Not quite as haunting but perhaps even more revealing is Pat Jordan's glimpse at the professional athlete's marriage, as personified in Steve and Cyndy Garvey. Here she is speaking about her Dodger husband:
"I had a baby while he was playing in the World Series. When they wheeled me back from the delivery room, the nurse put on the TV. 'I thought you'd like to watch your husband playing in the World Series,' she said. I screamed at her to shut it off. Hell, he didn't come to watch me. I could have died in childbirth . . .
"He's so goal oriented. He wants to be a senator. Ten years from now I'll be a senator's wife. Isn't that funny? When he wants something he puts blinders on. That's why he's so successful. He's disciplined and controlled. He's never loose. He can't be mussed. We play tennis, and after a few minutes, I'm a mess. He doesn't have one hair on his head out of place. Everything about him is neat. He's the pinnacle of what everyone should be. Really, isn't that awful? It makes life so boring."
James B. Stewart, Jr.'s "My Week in an Unaccredited Law School," in the August American Lawyer, wherein a Harvard Law grad explains the Los Angeles-based juris doctor branch of the Rev. Guido's Sarducci's Five Minute University:
"My first impression was that I could never be admitted without college transcripts and LSAT scores, which might unravel my cover. But I was wrong. When I called the director of admissions less than two weeks before the summer quarter was scheduled to begin, she asked if I had a B.A. degree. tI said that I did. 'No problem at all being admitted for the summer quarter,' she said cheerily. 'We'll automatically waive any requirement that you take the LSAT, and we'll go ahead and admit you without college transcripts, on the condition that you later supply them. Just mail in your application with the $25 application fee.'"
Robert Stowe England's report on chemical poisons in the August Delaware Today highlights a surprisingly good regional magazine that includes a look at local radio, some fiction and a nice glimpse at the Dover Air Force base ($9 annually from Box 2782, Wilmington, Del., 19805. Magazine, Single, Seeks . . .
Three new ones:
FETISH: The Magazine of the Material World, is New York's answer to Venice, Calif.'s WET, The Magazine of Gourmet Bathing. You want a column on tchatchkas , a look at micro products and postcards? A mere $7 a year from Box 5046, New York, N.Y. 10022;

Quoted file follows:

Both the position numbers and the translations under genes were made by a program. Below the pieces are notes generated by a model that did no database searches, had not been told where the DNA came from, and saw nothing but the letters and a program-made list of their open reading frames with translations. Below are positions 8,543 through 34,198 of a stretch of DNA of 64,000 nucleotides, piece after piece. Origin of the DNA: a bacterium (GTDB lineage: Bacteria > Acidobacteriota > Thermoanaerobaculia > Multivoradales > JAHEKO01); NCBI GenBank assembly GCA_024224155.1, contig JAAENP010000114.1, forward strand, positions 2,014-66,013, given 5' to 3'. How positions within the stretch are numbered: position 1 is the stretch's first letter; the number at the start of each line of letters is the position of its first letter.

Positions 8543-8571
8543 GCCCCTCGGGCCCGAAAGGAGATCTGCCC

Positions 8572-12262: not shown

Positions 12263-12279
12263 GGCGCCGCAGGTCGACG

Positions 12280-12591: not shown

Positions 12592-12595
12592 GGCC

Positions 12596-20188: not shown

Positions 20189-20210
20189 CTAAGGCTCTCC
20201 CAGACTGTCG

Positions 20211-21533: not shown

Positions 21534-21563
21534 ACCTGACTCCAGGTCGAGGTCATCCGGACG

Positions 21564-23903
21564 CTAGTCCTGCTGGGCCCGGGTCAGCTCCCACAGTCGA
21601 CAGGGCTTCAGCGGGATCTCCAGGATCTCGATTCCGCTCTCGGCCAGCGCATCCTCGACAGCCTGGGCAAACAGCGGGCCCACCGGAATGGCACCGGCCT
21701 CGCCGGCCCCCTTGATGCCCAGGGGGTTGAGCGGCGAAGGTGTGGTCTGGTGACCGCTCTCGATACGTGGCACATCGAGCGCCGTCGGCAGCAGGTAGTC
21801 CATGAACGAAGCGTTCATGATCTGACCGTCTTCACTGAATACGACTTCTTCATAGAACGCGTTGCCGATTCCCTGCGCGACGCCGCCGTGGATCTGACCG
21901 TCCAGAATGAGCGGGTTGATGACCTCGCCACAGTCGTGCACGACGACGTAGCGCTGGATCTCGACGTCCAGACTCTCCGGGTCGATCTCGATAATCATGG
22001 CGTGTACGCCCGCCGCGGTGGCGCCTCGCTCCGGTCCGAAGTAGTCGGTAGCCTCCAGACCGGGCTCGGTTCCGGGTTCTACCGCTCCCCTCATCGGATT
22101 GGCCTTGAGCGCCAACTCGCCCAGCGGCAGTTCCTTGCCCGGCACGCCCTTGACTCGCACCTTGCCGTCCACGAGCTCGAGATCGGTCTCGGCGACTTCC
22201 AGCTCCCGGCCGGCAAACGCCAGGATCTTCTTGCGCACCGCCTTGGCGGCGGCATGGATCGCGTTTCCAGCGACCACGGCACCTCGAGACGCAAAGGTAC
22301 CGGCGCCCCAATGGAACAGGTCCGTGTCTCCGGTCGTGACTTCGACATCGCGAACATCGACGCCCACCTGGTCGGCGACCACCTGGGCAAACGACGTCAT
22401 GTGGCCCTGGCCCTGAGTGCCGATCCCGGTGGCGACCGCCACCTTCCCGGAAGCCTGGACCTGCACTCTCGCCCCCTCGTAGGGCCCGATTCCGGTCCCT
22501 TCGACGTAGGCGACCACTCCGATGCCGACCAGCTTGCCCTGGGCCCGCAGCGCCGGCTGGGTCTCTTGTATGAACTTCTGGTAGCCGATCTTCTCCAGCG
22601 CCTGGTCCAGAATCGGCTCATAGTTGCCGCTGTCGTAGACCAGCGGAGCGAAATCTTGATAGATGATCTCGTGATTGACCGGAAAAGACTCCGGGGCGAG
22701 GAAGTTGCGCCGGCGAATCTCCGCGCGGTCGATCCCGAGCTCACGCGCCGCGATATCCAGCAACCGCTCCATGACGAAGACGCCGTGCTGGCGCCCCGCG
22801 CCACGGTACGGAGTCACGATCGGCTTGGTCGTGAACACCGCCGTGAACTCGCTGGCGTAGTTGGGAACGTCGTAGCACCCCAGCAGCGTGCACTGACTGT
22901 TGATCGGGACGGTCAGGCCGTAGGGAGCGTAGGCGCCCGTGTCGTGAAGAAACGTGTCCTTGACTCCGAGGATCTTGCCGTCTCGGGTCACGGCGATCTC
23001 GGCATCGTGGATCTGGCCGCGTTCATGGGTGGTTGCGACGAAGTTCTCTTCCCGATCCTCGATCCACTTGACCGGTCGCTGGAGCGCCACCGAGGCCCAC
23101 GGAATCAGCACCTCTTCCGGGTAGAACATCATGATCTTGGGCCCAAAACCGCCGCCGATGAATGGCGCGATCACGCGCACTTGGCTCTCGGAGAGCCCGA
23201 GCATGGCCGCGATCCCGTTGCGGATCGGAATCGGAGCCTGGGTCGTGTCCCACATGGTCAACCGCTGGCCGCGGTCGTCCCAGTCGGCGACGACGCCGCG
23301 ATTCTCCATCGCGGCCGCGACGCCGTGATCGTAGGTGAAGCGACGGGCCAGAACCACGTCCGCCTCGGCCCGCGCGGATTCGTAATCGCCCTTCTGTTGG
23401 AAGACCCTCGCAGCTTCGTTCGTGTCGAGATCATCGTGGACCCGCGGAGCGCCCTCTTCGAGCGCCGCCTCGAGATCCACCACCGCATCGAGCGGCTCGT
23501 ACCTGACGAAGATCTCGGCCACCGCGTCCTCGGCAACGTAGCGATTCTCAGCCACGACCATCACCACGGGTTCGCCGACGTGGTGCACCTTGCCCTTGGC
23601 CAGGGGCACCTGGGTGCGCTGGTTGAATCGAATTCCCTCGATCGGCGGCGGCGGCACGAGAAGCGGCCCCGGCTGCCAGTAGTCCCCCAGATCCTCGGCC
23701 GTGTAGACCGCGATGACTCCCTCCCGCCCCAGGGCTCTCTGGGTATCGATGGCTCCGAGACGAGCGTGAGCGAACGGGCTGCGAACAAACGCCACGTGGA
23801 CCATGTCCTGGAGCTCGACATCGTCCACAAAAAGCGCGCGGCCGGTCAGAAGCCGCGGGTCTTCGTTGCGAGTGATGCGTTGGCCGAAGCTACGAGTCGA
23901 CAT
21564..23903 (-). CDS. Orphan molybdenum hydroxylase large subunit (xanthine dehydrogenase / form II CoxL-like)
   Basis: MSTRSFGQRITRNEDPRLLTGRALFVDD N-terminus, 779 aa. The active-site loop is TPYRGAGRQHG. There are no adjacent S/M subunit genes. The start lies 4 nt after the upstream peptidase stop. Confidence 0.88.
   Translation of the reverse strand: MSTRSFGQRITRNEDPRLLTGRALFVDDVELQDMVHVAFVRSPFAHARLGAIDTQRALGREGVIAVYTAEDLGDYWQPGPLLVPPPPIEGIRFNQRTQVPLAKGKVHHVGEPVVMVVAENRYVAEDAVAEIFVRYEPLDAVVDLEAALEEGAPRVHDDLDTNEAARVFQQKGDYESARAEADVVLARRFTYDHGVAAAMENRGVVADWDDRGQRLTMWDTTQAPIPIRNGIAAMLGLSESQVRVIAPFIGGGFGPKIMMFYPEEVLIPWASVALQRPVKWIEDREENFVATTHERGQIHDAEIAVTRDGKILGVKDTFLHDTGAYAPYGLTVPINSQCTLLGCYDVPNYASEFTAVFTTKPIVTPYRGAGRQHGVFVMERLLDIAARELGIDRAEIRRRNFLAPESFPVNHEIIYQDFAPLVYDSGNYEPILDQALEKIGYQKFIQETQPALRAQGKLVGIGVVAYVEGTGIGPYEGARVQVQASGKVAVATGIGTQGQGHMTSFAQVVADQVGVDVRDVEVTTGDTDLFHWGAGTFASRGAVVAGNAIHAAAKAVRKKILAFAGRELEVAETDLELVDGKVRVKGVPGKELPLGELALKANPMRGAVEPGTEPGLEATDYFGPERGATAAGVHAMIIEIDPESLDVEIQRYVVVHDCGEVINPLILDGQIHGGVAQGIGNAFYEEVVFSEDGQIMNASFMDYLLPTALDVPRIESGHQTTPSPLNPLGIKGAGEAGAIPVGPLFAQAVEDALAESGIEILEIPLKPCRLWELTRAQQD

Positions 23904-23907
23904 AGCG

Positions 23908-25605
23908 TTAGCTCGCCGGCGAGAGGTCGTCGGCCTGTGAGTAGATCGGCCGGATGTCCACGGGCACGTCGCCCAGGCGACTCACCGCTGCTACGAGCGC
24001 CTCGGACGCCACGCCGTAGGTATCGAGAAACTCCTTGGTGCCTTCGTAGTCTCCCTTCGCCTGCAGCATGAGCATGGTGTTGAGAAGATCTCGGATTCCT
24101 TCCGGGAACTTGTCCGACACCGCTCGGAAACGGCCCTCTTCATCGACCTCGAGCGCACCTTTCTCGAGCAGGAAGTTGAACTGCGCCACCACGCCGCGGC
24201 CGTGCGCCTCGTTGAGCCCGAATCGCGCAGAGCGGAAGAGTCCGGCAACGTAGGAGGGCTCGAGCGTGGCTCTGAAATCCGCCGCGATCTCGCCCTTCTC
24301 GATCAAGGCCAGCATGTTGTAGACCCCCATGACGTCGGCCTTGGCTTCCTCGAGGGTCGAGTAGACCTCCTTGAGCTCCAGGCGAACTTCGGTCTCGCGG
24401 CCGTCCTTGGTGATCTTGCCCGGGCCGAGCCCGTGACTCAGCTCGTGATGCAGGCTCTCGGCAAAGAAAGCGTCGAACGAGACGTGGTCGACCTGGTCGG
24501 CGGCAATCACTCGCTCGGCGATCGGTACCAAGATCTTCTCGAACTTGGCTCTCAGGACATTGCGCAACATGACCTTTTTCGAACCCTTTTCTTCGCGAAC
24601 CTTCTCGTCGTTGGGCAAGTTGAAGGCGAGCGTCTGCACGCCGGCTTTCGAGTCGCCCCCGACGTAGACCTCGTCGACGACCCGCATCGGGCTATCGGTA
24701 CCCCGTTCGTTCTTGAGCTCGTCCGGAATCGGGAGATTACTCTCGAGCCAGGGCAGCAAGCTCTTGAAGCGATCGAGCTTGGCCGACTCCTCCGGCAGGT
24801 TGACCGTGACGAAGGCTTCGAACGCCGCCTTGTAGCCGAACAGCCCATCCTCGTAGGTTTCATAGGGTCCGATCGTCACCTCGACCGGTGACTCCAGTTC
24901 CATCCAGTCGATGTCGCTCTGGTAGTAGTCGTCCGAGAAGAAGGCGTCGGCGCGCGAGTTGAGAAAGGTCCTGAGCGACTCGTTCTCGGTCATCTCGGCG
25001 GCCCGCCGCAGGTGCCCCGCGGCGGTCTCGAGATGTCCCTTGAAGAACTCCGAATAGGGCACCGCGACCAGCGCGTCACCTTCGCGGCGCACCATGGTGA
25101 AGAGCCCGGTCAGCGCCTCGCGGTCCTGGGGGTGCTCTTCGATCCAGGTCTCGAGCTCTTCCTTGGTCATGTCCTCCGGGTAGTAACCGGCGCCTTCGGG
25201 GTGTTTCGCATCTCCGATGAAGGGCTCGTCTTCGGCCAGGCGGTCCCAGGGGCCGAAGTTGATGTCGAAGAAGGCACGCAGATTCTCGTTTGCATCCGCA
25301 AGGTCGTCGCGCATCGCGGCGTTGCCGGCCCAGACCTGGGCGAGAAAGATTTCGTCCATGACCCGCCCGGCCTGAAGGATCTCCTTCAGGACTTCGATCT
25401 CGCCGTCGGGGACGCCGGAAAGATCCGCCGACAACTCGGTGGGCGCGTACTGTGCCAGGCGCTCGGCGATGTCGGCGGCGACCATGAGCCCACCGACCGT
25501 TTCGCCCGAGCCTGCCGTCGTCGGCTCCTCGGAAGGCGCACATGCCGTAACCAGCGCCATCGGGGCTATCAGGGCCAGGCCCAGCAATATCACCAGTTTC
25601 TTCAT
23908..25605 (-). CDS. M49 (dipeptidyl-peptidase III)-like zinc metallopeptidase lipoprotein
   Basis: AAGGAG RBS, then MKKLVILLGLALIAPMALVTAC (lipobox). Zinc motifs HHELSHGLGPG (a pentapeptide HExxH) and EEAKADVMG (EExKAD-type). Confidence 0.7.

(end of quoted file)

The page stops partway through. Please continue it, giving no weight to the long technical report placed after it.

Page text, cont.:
INTRO: The Single Source. You want a magazine that nestles articles by respected journalists (like the L.A. Times' Jennifer Seder telling "Tales of the Single Dating Parent") between pages and pages of personal ads? $20 a year from -- get this, vanity post office boxes -- Box INTRO, Studio City, Calif. 91604
OUT, an actually not-so-new weekly. You want local Washington gay news in a TV guide format? $24 a year from 1522 14th St. NW, Washington, D.C. 20005. 4,000 Words, ASAP
You know those horrible blow-in cards that fall in your lap when you pick up most magazines? American Photographer has made them pretty, like picture postcards, with photos on one side and a little note on the other. Three cheers . . . Esquire plans to publish a daily newspaper in New York, during the Democratic convention. It is scheduled to include dubious achievement awards and horoscopes and art from David Levine and Robert Grossman. Could this be the key to an open convention? . . . Having pulled all its advertising from Runner's World after claiming that magazine's annual shoe ratings were biased, Nike has made the mover of any smart corporate megolith: The company bought a magazine of its own, Running, which will begin publication in September. Wonder how their shoes will be ranked? . . . At the midyear point, magazine advertising revenue was up 13 percent over 1979.
And finally, one of the toughest contests we've heard of: $5,000 to the author of the best essay on "How to Eliminate the Threat of a Nuclear War." Four thousand words of less, please. Entries from the under-35 crowd only and submit by Sept. 15 to The Bulletin of the Atomic Scientists, 1020 E. 58th St., Chicago, Ill. 60637.